Like most other young adults throughout the country, many here in Tennessee have not even thought about what will happen to their assets and/or young children if they pass away. However, current events may have them wondering whether they need to engage in some estate planning after all. The question they may ask is what they need in case they pass away suddenly.
Even having some of the basic documents could help. For instance, just about everyone needs a will, but other estate-planning documents could provide benefits to both the person creating them and family members. Powers of attorney allow them to choose trusted individuals to handle their finances and health care decisions when they cannot make these decisions for themselves. For instance, when a living will is combined with a health care power of attorney, an individual may be have some peace of mind that their wishes will be followed when it comes to end-of-life care.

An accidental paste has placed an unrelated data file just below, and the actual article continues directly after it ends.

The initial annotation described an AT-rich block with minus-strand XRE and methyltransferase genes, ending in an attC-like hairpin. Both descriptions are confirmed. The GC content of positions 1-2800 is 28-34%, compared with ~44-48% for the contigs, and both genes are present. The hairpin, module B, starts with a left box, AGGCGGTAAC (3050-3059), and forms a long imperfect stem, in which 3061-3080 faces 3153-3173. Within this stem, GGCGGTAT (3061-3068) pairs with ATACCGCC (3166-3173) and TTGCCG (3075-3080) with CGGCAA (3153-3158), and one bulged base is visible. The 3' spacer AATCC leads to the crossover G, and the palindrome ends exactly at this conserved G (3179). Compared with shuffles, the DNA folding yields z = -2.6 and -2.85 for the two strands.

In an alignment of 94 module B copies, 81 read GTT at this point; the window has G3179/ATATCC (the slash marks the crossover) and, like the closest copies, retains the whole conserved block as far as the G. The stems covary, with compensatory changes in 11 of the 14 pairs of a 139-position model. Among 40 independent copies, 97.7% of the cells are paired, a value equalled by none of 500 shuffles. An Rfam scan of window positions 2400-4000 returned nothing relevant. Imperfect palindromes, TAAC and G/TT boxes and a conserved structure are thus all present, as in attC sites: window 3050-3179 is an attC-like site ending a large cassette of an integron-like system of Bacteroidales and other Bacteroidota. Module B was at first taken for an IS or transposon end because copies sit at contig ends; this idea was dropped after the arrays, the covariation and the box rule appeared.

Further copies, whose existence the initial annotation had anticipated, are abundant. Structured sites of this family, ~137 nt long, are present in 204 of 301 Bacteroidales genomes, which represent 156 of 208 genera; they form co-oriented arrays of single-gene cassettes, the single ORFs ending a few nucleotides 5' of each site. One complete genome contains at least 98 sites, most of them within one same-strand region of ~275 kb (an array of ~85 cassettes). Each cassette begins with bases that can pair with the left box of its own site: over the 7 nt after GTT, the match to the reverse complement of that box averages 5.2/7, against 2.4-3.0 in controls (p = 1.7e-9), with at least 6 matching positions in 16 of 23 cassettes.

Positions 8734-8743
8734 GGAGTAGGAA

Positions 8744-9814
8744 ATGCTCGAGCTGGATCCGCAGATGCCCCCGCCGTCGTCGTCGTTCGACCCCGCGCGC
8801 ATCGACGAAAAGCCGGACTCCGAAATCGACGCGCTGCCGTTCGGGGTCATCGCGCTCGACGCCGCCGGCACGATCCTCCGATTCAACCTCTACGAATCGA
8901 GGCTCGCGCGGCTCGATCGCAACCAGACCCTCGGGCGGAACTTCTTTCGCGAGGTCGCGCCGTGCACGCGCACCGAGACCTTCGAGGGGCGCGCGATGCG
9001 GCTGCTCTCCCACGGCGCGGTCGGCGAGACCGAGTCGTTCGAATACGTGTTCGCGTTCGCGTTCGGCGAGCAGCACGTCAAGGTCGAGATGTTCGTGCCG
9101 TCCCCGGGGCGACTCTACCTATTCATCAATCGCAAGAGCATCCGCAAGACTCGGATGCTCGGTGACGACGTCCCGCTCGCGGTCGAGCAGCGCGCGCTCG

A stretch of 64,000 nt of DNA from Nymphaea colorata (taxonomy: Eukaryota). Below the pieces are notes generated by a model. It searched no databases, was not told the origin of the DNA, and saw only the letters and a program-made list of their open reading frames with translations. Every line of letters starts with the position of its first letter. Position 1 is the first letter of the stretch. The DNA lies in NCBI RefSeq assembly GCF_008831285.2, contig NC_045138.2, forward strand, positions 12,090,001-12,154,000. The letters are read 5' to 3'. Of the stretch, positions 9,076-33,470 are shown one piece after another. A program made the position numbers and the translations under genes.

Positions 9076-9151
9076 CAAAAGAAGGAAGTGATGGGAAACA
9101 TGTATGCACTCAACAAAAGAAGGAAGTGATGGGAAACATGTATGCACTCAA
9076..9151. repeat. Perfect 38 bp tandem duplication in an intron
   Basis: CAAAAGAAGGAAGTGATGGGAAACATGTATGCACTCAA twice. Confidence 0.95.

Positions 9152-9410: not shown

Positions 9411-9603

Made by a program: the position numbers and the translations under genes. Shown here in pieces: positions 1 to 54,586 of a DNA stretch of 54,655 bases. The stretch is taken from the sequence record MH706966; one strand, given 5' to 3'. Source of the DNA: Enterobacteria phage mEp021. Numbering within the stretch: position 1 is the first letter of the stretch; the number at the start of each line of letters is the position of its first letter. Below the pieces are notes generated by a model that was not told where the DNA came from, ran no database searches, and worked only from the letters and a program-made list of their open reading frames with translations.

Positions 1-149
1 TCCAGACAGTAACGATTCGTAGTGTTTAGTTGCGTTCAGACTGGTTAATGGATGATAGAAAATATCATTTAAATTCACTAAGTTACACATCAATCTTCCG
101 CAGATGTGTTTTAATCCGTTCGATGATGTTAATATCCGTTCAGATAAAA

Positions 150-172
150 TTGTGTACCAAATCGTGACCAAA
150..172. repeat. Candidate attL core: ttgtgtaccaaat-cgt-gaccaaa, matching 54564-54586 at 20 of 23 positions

In some cases, having a trust may help protect assets someone wants to leave to a loved one. Upon death, the beneficiary or beneficiaries of the trust will have quick access to the assets held in it without going through probate. It may also help ensure continuity if the individual becomes incapacitated due to an illness or injury since the successor trustee can step in and handle financial matters when the trust’s creator is not able to do so.
Young adults may not think they have any need for estate planning, but if recent events have taught people anything, it is that a long life is not guaranteed. For Tennessee young adults, especially those who have children, doing some planning may be beneficial.